Academic journal article Advances in Competitiveness Research

Trends in International Quality Management Research: 1990-1996

Academic journal article Advances in Competitiveness Research

Trends in International Quality Management Research: 1990-1996

Article excerpt

INTRODUCTION

Companies trying to gain a competitive edge in today's global marketplace have realized the importance of raising the quality of goods and services. Quality management is now fairly well established in the U.S. and Western Europe, and it is increasingly being implemented in developing countries such as China, India, and the emerging markets of Central and Eastern Europe (Krygier, 1993). Quality management techniques are expected to increase market share, customer loyalty, productivity, cash flow, return on investment and stock price, and to reduce production costs and after sales service calls.

The move toward quality management in organizations has been accompanied by a growing interest in this area among academicians. Journals such as Decision Sciences, Academy of Management Journal, and California Management Review have brought out special issues on quality management, and a new journal Quality Management was founded in 1993. These publications have emphasized topics such as the importance of quality and quality attitudes (Batley, 1993), quality strategies (Daniel & Reitsperger, 1994; Hurd, 1992; Robinson & Schroeder, 1993), quality tools and techniques (Denton, 1991; Melcher et al., 1990; Pitman et al., 1995), and the implementation of quality programs in organizations (Easton, 1993; Lakhe & Mohanty, 1994).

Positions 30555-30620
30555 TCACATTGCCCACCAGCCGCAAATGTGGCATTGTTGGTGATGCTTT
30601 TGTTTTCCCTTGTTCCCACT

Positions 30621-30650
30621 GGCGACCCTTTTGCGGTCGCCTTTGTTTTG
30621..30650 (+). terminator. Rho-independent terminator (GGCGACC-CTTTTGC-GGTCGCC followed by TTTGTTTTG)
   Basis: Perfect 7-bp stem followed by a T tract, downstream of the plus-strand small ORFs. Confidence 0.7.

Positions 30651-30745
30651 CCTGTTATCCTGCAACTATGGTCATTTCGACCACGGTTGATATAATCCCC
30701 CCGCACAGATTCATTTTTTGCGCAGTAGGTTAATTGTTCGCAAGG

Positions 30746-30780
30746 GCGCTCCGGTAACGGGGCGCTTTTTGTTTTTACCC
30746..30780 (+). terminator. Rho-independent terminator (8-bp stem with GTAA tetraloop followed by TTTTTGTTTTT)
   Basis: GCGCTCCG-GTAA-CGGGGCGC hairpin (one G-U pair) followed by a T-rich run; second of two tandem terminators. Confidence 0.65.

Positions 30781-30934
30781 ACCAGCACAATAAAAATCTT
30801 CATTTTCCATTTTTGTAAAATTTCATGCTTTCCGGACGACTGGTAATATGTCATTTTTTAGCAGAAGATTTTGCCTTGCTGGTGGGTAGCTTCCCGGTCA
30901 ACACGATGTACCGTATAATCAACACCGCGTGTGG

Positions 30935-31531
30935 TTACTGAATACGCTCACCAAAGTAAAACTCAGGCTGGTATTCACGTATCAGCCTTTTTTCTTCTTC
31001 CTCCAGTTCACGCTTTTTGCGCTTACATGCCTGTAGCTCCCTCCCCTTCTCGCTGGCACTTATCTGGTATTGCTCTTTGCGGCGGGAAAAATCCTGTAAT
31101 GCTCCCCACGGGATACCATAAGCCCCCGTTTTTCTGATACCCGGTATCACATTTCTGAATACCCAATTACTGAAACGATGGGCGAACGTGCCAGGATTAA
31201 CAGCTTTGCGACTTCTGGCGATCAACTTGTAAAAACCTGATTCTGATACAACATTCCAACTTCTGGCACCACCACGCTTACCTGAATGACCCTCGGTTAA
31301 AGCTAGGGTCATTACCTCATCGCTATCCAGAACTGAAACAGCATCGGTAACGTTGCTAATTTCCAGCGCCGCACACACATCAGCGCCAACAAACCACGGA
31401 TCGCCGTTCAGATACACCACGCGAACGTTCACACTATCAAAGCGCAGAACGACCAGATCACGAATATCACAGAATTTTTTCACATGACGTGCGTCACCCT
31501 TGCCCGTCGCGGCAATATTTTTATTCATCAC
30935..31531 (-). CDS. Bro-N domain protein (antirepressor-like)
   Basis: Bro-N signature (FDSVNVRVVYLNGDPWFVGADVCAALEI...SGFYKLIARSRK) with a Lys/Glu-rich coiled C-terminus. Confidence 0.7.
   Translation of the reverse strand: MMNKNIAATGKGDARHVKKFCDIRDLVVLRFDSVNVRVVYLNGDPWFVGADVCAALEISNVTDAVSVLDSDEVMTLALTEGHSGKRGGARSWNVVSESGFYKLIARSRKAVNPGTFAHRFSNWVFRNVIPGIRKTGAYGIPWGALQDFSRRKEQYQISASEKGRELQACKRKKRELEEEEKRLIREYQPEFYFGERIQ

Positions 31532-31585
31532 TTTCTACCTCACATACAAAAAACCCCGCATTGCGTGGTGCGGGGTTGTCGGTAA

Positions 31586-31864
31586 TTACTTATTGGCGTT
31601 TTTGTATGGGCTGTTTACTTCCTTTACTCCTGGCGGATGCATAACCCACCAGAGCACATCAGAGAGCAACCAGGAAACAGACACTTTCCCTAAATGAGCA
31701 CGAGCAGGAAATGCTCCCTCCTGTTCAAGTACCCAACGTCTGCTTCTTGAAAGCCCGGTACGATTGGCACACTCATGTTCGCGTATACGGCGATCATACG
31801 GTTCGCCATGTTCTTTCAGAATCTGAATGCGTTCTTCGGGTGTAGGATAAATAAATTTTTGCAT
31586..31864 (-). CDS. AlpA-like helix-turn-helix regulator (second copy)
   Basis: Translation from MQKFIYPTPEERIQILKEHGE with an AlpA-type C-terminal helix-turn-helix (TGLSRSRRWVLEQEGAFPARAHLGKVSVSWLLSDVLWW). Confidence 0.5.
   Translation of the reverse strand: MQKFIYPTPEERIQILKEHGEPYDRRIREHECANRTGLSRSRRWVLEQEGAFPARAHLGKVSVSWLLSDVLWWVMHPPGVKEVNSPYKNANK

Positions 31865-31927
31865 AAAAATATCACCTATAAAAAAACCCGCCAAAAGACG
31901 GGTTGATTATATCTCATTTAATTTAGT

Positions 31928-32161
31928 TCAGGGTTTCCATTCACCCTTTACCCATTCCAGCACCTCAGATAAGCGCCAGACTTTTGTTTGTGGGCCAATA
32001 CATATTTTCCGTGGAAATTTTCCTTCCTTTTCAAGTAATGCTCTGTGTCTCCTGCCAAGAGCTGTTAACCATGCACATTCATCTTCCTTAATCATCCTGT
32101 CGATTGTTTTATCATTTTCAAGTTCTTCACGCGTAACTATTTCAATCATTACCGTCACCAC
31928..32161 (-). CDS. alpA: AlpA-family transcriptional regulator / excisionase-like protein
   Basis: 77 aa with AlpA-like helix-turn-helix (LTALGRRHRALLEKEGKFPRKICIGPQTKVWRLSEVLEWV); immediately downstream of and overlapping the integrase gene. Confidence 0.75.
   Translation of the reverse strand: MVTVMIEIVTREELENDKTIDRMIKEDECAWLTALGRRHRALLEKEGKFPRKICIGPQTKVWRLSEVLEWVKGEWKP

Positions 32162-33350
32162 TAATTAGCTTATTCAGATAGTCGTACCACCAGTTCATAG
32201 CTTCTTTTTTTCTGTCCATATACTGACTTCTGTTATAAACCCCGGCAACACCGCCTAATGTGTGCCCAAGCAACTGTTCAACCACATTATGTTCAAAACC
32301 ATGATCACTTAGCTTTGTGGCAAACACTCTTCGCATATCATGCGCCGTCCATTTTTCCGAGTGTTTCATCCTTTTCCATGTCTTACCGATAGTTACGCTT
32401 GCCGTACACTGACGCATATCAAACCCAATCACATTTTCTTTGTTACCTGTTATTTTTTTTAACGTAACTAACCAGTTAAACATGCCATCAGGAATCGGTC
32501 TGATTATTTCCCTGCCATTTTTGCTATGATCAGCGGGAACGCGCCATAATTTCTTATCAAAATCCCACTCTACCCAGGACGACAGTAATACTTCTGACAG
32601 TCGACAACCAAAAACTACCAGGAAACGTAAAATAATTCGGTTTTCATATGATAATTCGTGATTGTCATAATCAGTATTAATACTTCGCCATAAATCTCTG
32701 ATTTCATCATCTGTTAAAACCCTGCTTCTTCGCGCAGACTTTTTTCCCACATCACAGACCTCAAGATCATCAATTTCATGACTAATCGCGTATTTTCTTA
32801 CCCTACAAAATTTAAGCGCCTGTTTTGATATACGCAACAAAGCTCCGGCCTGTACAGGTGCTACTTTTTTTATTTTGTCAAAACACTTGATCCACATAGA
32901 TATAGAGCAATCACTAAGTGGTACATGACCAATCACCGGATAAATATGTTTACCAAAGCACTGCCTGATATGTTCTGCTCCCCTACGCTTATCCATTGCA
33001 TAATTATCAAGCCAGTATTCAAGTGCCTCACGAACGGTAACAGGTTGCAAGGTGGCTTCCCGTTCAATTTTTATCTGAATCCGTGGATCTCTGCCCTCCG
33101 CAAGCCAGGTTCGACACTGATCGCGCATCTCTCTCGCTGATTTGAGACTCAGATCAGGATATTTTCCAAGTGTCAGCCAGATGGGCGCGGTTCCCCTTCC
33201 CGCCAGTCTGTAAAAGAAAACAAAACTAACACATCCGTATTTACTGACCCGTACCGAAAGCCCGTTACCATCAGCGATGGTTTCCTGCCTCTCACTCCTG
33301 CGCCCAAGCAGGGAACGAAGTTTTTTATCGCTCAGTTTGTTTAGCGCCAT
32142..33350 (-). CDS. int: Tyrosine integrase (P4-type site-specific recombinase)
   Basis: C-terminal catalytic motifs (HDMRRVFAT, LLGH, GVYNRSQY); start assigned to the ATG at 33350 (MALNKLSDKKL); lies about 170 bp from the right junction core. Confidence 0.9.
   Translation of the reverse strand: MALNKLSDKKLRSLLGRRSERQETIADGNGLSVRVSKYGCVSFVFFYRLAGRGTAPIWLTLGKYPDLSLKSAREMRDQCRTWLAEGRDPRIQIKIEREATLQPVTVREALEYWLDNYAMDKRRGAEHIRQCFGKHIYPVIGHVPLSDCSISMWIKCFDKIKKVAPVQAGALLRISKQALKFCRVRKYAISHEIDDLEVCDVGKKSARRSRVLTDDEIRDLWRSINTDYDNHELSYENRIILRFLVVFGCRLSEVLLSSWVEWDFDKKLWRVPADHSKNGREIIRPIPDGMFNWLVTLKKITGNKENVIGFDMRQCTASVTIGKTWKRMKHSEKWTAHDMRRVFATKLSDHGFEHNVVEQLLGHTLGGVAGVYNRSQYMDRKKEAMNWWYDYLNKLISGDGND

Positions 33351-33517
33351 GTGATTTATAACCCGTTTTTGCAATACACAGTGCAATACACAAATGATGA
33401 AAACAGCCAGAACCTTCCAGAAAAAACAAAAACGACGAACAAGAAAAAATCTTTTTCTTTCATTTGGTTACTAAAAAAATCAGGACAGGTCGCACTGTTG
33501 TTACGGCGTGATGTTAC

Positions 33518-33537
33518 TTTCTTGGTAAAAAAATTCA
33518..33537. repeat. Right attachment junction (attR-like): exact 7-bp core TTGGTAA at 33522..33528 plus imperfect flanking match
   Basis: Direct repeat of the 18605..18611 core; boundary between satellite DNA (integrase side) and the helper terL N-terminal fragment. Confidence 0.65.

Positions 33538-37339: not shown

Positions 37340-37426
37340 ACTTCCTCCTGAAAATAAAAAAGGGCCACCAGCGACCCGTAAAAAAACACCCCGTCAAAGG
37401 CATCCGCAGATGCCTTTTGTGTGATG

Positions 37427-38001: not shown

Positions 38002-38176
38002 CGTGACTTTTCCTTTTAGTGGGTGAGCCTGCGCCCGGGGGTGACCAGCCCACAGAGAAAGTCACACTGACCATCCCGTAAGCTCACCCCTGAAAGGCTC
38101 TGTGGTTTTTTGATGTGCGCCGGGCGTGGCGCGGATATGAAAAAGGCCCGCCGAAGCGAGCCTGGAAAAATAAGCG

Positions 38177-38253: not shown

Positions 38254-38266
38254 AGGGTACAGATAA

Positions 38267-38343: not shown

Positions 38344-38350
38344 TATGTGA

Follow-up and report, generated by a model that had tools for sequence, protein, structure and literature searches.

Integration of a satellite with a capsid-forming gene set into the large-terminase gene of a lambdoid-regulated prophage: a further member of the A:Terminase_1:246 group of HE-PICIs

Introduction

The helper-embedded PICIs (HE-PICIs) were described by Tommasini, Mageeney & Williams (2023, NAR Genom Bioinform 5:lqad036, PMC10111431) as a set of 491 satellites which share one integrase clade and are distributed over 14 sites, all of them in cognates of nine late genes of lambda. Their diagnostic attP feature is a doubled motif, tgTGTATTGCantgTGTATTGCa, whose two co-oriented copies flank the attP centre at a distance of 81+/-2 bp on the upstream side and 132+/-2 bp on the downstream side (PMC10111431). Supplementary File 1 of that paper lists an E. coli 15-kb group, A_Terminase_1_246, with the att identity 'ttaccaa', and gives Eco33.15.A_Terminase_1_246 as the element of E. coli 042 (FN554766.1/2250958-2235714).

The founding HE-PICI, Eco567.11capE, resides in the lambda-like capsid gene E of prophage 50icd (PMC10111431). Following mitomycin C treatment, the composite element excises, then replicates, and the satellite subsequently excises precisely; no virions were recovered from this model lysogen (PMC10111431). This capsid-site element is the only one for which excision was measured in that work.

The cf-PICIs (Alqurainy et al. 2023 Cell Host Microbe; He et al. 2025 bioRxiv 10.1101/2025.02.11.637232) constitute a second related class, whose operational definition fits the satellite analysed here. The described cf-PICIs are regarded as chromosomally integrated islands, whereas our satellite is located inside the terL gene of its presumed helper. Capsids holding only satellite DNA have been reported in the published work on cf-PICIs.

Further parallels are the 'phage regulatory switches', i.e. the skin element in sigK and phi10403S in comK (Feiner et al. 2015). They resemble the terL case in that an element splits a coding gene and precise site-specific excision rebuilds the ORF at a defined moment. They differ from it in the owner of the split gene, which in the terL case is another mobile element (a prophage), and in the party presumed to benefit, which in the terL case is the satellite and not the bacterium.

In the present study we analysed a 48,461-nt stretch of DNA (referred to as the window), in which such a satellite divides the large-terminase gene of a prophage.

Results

The literature on international quality management, however, has not been integrated into a comprehensive framework for awareness and understanding. This paper begins the process toward integration by examining and identifying publication patterns in international quality management in industrialized, newly industrialized, and developing regions. Recognizing these publication patterns can be useful to both researchers and practitioners. Researchers can use this paper to assess the under- or over-representation of certain areas of research when developing theories and conducting studies in international quality management, and practitioners can get a better perspective on the quality management techniques adopted in different regions around the world. The next section discusses international quality management in industrialized, newly industrialized, and developing regions; the following section expands on quality management approaches prevalent in the literature. In addition, these sections present the research questions investigated in the study.

INTERNATIONAL QUALITY MANAGEMENT IN INDUSTRIALIZED, NEWLY INDUSTRIALIZED, AND DEVELOPING REGIONS

Quality management can be influenced by the degree of competition faced by a firm, barriers to entry in an industry or country, quality demands by customers, governmental regulations concerning quality, and the level of technology (Benson, Saraph, & Schroeder, 1991; Ettlie, 1997). These factors can vary by country. Companies in countries with high levels of competition and few barriers to entry are more likely to practice quality management; even if the competition is based on of price rather than quality, cost reductions can still be gained through improved quality techniques. Likewise, firms may be forced to adopt quality practices in the face of customers' quality requirements and government regulations (Benson et al., 1991). The level of technology can also influence the quality management practices of organizations. The connection between quality management and organizational performance is stronger in low-technology firms than in high-technology ones (Ettlie, 1997); hence, countries with large numbers of low-technology industries may benefit to a greater extent by adopting quality practices.

The literature suggests that industrialized and developing countries are at different stages of the quality movement. In industrialized countries, quality management has been practiced for a number of years, whereas in developing countries it is of a more recent origin. The literature has extensively examined quality management in industrialized countries such as the U. …

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